8. Reciprocity has played an important role in generating cooperation and conflict resolution between states. But it can also play a role in the dynamics of conflict and may lead to a reciprocal cycle of violence depending on the nature of the action that is regarded as reciprocal.

9. Cooperation must respect the principle of sovereignty of States. Reciprocity is considered an appropriate form of behaviour that creates cooperation between sovereign states. It can take place both between two states, i.e., either bilaterally or between more than two States, or multilaterally. It implies a conditional action that depends on the actions of others.

10. Reciprocity cannot in any way be interpreted as retaliation, although a State that is inexperienced in handling the application of the principle could interpret and apply it in that way. Retaliation, unlike reciprocity, is a limited reaction of a State against a certain behaviour that harms another state, which is contrary to international law, but which presumably is justified by the previous violation of that right by the other State. Retaliation is undoubtedly a reaction against the spirit and essence of reciprocity.

© by Odeen Ishmael

40. Peculiarities in diplomatic practice

14 Aug

Peculiarities in diplomatic practice

1. A recurring feature that characterises many diplomatic efforts is the professional skill that must be demonstrated by diplomatic agents in carrying out actions that require the most exquisite courtesy.

2. It is evident that the practice of contemporary diplomacy cannot be confined only to this traditionally effective method. The diplomat, as part of his responsibilities as executor of the State’s foreign policy should be trained, among other important activities, to analyse, evaluate and also act accordingly, given the opportunities, risks and antagonisms that often interact in the dynamics of international politics.

3. In this regard, a large number of countries that are part of the international community have been perfecting their relevant legislation, and related bodies, under which they have institutionalised diplomatic functions. They have established a hierarchical structure in different positions, grades or categories which the officer, after preparation, climbs up the system through promotion.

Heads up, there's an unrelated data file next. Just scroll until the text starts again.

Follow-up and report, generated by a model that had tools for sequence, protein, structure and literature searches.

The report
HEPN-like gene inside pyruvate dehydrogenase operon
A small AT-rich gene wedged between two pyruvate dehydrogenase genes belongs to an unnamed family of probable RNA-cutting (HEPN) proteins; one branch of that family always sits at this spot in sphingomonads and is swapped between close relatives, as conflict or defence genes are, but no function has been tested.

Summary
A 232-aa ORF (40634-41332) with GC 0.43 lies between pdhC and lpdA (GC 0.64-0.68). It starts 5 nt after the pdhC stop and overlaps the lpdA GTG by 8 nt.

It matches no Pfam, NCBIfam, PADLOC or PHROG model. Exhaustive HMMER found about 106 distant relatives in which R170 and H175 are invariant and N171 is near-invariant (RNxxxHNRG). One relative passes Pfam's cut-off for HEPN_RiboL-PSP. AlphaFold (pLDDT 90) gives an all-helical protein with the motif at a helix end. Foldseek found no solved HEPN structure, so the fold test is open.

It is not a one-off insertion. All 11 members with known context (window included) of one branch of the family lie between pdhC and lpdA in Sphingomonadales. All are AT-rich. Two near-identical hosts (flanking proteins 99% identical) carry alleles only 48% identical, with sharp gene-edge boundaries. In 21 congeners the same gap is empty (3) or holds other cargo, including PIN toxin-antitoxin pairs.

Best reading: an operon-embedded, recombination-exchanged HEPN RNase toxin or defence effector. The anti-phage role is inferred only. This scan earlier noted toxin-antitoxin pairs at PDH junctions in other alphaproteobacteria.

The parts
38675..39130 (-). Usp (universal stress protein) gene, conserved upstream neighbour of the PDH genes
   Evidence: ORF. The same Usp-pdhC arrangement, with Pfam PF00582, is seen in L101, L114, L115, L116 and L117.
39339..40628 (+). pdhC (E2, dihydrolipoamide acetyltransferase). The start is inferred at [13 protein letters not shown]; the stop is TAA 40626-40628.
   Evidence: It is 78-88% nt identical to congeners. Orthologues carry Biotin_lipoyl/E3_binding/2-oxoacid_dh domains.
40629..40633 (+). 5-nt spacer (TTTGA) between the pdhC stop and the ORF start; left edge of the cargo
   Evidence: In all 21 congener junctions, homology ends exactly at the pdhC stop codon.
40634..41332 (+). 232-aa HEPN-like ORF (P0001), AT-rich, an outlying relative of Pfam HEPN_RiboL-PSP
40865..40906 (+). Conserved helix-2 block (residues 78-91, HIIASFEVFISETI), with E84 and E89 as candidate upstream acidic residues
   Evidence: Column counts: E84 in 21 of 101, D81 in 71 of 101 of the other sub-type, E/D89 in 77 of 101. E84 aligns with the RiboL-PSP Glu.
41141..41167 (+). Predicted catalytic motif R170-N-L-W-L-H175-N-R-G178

4. Some governments appoint special officials versed in diplomatic law to their Foreign Ministries, Some are also posted to their embassies in different countries where they provide special assistance to the ambassadors, particularly at times of diplomatic negotiations.

5. Some countries place special importance on the value of these experts in diplomatic law and actually discourage them from leaving the service of the State for careers in the private sector.

6. While diplomacy was considered initially as a series of actions in one direction, it now tends to be awarded great importance to the dual aspect of the diplomatic function, namely, the relationship of the head of the permanent diplomatic mission with his own government and his dealings with the host government. Thus, in his dual role, he must convince not only his government, but also the host government as well.

7. Actually, his most difficult task is to convince himself that his action is correct. This confirms the validity of the essential requirement for the exercise of diplomacy when the diplomat’s bargaining power should prove to be effective.

8. In discharging its responsibilities, the diplomatic mission should refrain from offending the government and the institutions of the receiving State. In essence, the role of the mission is to promote peace and harmony, and this requires it to maintain a serene restraint at all times and to quickly smooth out any difficulties which may arise. But it must always act with firmness in defending the interests of the sending State without any display of arrogance or improper behaviour by its diplomats.

9. It is essential that the diplomat has a special provision for human relationships, enabling him to be well received even during a difficult period. Diplomatic actions are marked by the personality of the diplomats and high State officials. Consequently, a diplomat’s action must project that he is well educated person, cultured, with the appropriate good manners, capable, and with full mastery of the principles, rules and procedures governing diplomatic functions, and extensive knowledge of international relations. He must also be equipped also with the skill, tact and restraint required for conducting any diplomatic exercise.

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39. External Negotiations

12 Aug

External Negotiations

1. Negotiation as a tool for diplomacy is characterised today as a mark of other methods of external action, such as the use of force. It is the only known method by which a diplomatic agent can enforce the rights and interests of his country, when it comes in reconciliation with the host country. Certainly negotiation is an essential part of any diplomatic action.

2. International negotiating aims, inter alia, to maintain peace between states, making it possible to develop harmonious relations and promoting cooperation, through preventing or overcoming the disputes and conflicts. Usually, this function is intended to achieve diplomatic understanding and it can result in treaties between States and other subjects of international law on matters of common interest.

3. Negotiation has established itself as the first and most effective means of resolving international conflicts. Similarly, it has become essential diplomatic technique to promote national interests. In this context, it should be remembered that for achieving the objectives of the negotiations it is essential to allow personal contacts, accommodations and commitments that can lead to a satisfactory outcome for all parties.